Saturday, September 17, 2011

More Astrophysics: Planets in the Distance

A few weeks ago, I posted about the Yale astrophysics class to which I was listening. I haven't had time recently because I have been studying for exams, but I did read a New York Times article this afternoon in which I realized I actually vaguely understood the science behind the discovery.

I am going to make an attempt at explaining this from memory, although science people please correct me if I explain this wrong. So in general, astronomers do not detect planets by seeing them. Instead, they measure electromagnetic waves and use Doppler shifts in order to determine the size, speed, and distance of stars an the planets that orbit them. In certain cases, the planets are oriented so that they pass directly between the telescope monitoring them and the star they orbit. In these cases, there are significant dips in the electromagnetic radiation whenever the planet crosses in front of the star and it allows scientists to determine that the planet is there and stuff about it with a great degree of accuracy. It's pretty cool. This is especially fabulous because the planet is actually circling two stars, hence the planet has been named Tatooine. Unfortunately, this planet's alignment is changing due to it's orbit and it will not pass directly in front of the star any longer.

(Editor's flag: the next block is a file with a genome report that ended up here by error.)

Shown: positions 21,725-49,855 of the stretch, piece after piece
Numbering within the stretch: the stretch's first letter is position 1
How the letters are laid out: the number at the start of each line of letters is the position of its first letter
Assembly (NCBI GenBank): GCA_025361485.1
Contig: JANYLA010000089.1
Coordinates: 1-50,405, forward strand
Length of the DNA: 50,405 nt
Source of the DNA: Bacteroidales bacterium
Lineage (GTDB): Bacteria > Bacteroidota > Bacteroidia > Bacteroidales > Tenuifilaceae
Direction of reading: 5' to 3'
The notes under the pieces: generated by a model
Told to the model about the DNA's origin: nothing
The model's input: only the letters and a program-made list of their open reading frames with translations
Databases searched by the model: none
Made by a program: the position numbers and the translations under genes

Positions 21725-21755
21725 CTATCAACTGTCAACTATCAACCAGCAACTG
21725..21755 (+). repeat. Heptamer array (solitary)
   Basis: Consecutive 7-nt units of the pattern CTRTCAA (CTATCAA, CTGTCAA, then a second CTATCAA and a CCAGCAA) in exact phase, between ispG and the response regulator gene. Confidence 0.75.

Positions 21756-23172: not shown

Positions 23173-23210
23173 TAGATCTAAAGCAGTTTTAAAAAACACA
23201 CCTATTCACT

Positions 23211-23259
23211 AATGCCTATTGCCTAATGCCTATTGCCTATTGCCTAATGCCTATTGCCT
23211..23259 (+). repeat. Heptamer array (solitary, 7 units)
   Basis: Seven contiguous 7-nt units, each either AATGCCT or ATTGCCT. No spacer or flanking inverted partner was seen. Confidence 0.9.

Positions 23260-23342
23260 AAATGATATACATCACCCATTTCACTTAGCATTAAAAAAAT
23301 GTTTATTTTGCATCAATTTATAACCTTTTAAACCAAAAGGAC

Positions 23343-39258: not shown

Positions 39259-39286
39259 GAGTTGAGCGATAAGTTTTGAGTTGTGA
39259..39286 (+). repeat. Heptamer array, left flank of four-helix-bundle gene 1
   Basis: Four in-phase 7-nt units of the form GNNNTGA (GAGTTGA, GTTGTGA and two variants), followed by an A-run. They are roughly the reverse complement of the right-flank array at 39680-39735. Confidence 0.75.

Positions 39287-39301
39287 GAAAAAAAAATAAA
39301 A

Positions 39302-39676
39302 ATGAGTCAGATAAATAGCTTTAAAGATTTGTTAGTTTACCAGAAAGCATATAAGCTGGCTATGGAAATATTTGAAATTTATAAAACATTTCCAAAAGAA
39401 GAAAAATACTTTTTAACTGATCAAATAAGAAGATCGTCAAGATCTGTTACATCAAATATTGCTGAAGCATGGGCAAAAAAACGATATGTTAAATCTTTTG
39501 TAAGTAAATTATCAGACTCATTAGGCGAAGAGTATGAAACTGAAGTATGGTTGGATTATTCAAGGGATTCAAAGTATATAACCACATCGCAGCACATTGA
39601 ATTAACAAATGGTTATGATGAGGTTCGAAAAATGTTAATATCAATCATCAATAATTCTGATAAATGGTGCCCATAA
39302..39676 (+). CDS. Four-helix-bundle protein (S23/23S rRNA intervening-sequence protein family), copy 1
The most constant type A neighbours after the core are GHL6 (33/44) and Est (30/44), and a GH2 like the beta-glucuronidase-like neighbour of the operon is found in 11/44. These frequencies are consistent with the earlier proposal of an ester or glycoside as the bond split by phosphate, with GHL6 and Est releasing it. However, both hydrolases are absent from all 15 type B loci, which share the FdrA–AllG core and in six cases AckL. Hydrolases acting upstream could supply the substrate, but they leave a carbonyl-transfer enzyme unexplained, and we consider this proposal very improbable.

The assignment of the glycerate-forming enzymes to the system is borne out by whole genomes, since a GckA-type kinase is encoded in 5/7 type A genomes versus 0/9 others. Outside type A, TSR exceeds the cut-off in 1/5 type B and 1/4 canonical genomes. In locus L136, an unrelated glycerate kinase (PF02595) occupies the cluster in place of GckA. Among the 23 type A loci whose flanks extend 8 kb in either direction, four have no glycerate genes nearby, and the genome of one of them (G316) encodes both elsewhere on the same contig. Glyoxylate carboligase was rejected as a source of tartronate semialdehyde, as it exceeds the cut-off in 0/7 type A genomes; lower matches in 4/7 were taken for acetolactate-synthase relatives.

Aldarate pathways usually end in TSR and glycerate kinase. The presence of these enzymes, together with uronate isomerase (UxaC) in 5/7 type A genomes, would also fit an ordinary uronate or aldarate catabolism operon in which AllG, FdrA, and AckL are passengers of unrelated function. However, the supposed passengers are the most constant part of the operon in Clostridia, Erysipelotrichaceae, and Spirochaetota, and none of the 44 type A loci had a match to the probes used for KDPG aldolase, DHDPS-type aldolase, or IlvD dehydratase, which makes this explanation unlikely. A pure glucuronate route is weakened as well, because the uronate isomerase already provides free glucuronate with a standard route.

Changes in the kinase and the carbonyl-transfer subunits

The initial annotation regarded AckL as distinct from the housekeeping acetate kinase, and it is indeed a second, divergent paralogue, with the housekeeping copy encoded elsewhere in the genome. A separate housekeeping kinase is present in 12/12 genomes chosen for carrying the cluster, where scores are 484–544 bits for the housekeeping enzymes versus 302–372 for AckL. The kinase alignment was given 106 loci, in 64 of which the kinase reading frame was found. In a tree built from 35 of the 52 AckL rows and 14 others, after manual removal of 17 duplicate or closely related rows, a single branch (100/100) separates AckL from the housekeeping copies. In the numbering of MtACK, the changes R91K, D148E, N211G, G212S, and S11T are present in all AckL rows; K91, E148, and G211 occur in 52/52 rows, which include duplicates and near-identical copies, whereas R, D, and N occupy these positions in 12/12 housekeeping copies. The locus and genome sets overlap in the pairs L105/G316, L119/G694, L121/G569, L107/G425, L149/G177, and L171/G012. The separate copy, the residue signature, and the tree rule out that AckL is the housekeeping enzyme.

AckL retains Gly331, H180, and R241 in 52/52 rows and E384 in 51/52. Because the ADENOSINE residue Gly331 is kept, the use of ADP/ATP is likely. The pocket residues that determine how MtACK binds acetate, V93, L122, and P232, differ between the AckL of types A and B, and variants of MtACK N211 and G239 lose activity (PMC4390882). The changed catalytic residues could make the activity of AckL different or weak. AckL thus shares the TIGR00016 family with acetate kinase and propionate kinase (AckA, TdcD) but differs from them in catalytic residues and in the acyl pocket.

No comments:

Post a Comment